Inflammation of the joint lining leads to pain, swelling, stiffness, and loss of function. At times, the inflammation worsens - known as ‘flare up’, when the joints become warm and red as blood flow to the area increases. Inflammation of the joint can also damage the cartilage and bone. The cartilage can become eroded or worn and the bone underneath may become thinned.

Although RA is often a chronic disease, the severity and duration of the symptoms may unpredictably come and go. For people with a severe case of RA, the disease is generally active, lasts for many years, and leads to serious joint damage and disability. Periods of increased disease activity, or worsening of symptoms, are called flare-ups or flares. Periods of remission are when the symptoms fade or disappear.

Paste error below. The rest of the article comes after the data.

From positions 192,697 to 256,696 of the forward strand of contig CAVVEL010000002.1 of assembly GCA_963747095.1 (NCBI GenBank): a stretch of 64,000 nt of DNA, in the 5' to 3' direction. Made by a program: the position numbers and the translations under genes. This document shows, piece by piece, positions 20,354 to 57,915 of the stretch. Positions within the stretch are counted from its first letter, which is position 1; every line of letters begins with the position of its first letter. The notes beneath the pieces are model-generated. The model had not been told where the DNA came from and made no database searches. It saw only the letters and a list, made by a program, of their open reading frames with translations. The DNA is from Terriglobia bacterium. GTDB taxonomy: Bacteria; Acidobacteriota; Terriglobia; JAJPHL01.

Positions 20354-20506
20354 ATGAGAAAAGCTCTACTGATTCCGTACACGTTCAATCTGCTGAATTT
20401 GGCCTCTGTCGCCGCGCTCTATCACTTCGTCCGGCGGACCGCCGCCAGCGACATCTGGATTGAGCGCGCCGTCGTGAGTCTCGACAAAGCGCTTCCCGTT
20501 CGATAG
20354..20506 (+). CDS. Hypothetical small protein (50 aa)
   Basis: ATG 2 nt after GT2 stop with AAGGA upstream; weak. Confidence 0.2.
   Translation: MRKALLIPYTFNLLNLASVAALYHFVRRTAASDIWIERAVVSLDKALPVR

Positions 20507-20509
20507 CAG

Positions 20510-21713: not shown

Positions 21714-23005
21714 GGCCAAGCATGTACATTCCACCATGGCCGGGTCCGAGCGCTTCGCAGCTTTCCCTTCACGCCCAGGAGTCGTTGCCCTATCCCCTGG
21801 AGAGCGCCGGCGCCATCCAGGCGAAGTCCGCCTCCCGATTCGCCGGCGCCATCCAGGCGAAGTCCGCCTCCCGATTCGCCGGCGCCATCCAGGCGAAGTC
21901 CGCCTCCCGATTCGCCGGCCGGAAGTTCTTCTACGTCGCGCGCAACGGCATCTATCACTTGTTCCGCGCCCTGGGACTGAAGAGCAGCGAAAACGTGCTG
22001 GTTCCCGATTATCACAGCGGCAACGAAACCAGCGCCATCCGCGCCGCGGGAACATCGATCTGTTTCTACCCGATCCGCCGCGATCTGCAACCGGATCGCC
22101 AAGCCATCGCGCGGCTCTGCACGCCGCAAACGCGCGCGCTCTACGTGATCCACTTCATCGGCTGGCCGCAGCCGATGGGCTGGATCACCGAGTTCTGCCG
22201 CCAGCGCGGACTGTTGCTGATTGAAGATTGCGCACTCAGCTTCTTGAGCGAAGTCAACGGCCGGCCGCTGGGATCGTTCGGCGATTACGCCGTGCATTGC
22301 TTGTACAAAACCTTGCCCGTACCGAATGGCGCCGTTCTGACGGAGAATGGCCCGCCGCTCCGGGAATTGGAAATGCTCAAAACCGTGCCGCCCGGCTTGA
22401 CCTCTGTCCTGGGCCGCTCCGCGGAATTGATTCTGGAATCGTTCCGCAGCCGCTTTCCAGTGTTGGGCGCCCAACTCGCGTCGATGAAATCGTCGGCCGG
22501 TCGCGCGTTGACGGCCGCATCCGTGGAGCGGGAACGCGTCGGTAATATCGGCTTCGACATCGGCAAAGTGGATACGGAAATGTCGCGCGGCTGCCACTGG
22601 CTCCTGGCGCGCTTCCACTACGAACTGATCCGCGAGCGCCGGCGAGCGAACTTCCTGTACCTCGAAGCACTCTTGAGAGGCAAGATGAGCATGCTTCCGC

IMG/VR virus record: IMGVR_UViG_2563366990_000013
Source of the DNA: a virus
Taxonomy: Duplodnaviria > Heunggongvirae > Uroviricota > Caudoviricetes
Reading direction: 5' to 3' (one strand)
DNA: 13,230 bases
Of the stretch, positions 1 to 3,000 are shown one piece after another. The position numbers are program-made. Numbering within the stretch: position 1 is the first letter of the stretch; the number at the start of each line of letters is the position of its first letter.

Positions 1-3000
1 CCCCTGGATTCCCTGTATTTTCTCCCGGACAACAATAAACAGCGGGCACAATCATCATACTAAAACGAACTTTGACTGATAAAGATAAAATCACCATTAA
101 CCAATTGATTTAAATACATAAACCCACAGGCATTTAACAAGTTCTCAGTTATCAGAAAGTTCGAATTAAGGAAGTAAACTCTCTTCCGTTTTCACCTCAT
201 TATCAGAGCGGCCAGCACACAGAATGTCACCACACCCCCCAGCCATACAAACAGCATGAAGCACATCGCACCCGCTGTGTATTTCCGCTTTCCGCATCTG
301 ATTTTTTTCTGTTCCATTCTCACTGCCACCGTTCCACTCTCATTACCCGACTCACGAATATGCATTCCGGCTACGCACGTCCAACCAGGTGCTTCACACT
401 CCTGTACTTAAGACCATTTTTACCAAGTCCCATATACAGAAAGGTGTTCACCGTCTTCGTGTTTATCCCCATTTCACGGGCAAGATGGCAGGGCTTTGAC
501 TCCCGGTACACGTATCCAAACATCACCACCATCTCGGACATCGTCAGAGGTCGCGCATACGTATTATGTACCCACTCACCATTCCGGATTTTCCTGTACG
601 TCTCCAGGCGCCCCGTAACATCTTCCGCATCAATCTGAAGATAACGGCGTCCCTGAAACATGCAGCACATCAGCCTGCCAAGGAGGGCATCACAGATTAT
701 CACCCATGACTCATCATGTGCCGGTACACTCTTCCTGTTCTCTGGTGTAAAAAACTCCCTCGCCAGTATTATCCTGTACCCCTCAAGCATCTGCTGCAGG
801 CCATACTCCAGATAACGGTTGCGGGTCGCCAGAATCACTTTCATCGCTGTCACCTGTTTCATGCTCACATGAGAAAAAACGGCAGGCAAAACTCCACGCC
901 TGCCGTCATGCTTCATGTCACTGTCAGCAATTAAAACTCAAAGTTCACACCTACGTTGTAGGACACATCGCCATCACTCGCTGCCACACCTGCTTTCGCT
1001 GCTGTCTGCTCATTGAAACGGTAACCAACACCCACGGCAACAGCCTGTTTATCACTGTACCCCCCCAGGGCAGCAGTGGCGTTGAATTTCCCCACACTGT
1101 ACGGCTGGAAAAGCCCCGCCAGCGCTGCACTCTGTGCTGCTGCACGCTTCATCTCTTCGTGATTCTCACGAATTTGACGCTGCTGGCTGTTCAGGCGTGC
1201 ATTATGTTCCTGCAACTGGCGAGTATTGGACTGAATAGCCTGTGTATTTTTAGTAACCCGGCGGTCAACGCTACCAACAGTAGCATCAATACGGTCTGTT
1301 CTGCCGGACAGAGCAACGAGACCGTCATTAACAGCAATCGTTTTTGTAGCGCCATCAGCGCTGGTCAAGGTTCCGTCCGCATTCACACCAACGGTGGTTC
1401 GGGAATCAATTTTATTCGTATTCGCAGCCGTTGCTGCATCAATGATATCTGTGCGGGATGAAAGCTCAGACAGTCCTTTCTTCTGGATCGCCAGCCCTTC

Most people with RA have this pattern of flare-ups followed by better spells. In some people, months or even years may go by between flare-ups. Some damage may be done to affected joints during each flare-up. The amount of disability which develops usually depends on how much damage is done over time to the affected joints.

In a minority of cases the disease is constantly progressive, and severe joint damage and disability can develop quite quickly.

The most commonly affected joints are the small joints of the fingers, thumbs, wrists, feet, and ankles. The knees are also quite commonly affected. Less commonly the hips, shoulders, elbows, and neck are involved. It is often symmetrical. So, for example, if a joint is affected in a right arm, the same joint in the left arm is also often affected. In some people, just a few joints are affected. In others, many joints are involved.